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Lorelei Lee. Published in Issue Savior Complex. Publication date Fall My senior year of high school I worked in a coffee shop. I was 16 when we met; he was I was 18 when he took me to his place after work one night, poured us rum and Cokes until the stars spun above the roof where we sat, and then picked me up and carried me down to his bedroom.
A few months later, I moved into his apartment. It was next to the airport, and the planes flew so low it seemed like we could touch them from the rooftop at night.
It was , and my plan was to take the money and go to New York. Mike was always broke. I loved him or I thought I did. He knew more than me or I thought he did. I still believed there was a scarcity of it. He needed fifty bucks and I gave it to him. He needed a hundred. Then a little more. Soon I had given him all my money. It happened so easily. One day I realized it was all gone. I sat on the floor and cried. I was afraid that he would leave me, and I was afraid that I would never leave.
He had a friend who had a website. The friend and another man would pick me up, bring me somewhere, and we would take some pictures. I needed to. Recognizing one lie would mean recognizing all his lies. If that happened I would have nothing left. Another way to tell the story is this: I was 19 and I was in love with Rosa. Rosa had been a dancer. But it seemed like she loved the job. She told me that when she got up onstage she could be anybody. She told me this in her bedroom, holding a sweating mason jar of vodka soda, wearing a white tank top with lacy straps.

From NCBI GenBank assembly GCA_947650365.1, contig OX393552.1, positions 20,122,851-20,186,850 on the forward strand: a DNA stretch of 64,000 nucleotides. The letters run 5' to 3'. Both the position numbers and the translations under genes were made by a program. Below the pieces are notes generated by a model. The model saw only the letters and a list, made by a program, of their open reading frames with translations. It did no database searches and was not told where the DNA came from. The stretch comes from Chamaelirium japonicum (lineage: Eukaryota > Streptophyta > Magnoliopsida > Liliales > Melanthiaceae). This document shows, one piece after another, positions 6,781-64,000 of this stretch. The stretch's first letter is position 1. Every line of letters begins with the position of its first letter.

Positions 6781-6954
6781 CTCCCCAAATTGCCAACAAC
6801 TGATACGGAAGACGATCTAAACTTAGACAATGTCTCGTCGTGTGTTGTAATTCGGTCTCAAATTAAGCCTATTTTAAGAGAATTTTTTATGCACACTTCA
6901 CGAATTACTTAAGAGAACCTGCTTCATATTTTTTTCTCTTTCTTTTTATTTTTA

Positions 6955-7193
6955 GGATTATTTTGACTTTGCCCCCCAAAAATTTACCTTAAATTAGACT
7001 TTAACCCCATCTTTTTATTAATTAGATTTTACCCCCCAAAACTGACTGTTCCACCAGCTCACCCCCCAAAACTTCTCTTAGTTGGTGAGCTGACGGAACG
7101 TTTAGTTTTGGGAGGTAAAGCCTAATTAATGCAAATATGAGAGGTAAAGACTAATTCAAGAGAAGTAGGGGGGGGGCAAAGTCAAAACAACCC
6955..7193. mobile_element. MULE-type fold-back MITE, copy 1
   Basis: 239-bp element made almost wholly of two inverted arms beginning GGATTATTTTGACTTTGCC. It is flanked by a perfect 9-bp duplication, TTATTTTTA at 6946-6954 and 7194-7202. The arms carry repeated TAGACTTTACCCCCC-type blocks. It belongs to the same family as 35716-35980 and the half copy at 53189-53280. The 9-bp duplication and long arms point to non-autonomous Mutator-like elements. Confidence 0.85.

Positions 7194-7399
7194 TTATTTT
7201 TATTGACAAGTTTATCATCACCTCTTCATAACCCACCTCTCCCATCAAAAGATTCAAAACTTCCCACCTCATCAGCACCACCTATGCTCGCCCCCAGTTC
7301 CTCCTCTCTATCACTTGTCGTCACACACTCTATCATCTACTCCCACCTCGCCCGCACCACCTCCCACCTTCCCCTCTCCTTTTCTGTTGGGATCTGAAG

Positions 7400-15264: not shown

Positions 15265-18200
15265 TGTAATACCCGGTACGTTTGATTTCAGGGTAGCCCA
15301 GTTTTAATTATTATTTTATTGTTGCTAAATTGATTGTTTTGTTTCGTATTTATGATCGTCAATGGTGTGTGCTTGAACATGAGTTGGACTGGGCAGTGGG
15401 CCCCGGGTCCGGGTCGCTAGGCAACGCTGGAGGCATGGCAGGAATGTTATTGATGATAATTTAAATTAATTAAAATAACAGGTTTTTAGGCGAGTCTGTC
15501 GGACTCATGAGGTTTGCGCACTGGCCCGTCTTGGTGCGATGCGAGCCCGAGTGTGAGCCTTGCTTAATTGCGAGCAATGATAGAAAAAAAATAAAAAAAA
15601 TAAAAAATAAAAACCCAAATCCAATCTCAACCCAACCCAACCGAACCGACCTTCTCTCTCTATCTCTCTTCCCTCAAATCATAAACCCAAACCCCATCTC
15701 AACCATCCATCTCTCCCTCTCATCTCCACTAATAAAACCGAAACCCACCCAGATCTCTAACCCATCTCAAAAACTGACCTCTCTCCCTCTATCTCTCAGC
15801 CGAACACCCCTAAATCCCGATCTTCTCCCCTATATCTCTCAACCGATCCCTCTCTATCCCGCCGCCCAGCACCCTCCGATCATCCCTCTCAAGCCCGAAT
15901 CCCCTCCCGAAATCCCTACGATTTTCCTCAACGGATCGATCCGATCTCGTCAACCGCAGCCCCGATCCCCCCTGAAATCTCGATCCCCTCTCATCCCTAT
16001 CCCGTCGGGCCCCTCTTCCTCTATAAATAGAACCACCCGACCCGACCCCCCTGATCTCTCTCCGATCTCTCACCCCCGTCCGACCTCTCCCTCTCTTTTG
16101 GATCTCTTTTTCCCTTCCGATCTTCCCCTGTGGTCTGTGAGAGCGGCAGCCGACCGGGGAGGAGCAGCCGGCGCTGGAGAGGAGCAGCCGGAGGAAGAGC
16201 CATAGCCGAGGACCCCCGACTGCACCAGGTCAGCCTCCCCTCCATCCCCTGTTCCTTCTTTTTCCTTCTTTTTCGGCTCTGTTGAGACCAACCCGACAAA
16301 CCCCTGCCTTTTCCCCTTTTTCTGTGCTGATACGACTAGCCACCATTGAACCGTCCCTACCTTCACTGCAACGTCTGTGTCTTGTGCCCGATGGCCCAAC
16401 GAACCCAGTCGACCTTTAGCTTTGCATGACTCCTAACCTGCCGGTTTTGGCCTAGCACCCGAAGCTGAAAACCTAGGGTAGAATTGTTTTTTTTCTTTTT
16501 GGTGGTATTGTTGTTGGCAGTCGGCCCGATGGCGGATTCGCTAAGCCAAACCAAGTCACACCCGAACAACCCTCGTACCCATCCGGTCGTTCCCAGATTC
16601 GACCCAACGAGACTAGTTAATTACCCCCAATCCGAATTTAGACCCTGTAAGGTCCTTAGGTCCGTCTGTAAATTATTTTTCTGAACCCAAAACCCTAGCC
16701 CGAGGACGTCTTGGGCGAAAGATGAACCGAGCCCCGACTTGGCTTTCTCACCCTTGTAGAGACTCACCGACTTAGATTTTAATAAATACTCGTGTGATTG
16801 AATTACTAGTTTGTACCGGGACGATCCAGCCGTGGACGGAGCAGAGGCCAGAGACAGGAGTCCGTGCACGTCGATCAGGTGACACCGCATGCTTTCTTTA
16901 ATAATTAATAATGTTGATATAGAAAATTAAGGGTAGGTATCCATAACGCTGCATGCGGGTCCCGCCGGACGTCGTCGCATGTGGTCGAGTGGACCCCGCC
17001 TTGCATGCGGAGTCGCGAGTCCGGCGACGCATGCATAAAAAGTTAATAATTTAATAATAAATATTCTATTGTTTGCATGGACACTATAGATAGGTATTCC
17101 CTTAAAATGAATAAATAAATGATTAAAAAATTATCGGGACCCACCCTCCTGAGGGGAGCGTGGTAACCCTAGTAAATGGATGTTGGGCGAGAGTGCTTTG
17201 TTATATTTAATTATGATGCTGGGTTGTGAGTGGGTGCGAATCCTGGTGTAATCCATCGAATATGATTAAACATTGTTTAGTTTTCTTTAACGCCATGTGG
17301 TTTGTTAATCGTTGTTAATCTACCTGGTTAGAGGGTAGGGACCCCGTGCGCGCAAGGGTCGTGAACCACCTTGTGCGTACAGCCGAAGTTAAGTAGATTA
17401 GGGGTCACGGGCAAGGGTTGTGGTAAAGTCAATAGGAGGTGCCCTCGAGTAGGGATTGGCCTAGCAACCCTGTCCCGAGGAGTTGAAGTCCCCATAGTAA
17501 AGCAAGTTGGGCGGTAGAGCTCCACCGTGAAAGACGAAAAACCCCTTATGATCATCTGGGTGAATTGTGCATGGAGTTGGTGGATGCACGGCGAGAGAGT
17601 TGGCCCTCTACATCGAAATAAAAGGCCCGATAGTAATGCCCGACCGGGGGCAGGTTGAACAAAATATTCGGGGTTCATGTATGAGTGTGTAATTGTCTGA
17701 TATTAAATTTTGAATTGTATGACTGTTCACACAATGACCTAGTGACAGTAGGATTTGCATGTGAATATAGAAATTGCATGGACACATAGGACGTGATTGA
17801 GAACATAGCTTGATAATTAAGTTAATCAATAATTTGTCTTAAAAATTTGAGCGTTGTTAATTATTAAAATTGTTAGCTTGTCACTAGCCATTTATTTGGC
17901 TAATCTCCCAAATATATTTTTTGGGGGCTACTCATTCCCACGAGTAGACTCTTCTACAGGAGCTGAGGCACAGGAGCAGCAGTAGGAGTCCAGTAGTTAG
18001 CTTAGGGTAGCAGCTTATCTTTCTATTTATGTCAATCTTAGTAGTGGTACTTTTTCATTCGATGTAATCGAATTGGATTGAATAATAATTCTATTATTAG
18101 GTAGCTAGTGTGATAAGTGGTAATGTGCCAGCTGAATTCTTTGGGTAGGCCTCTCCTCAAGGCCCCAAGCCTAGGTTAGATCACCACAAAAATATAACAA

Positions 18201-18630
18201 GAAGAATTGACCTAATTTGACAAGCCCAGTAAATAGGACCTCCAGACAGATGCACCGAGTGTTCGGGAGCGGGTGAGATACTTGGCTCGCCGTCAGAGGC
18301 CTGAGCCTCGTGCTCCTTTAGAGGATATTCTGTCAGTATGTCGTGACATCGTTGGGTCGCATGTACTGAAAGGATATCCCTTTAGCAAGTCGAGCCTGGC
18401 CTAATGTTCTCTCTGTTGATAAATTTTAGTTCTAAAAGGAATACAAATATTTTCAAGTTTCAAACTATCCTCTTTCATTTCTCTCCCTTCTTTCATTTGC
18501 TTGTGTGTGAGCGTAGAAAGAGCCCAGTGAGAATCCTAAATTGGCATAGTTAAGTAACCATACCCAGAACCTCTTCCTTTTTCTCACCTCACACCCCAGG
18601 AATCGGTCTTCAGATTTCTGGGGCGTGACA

Her eyes shone. I wanted to kiss her almost as badly as I wanted to leave town. I paid my way to San Francisco with the money I made from the shoot Mike set me up with. It was a move that, eventually, saved my life. Feminists stood on both sides of the debate. Liberal feminists and human rights organizations pushed to maintain a legal divide between voluntary and involuntary sex work. The codified definitions offered by the TVPA and the UN Protocol did little to quell public disagreement about whether trading sex could be done voluntarily, or what the legal status of commercial sex should be.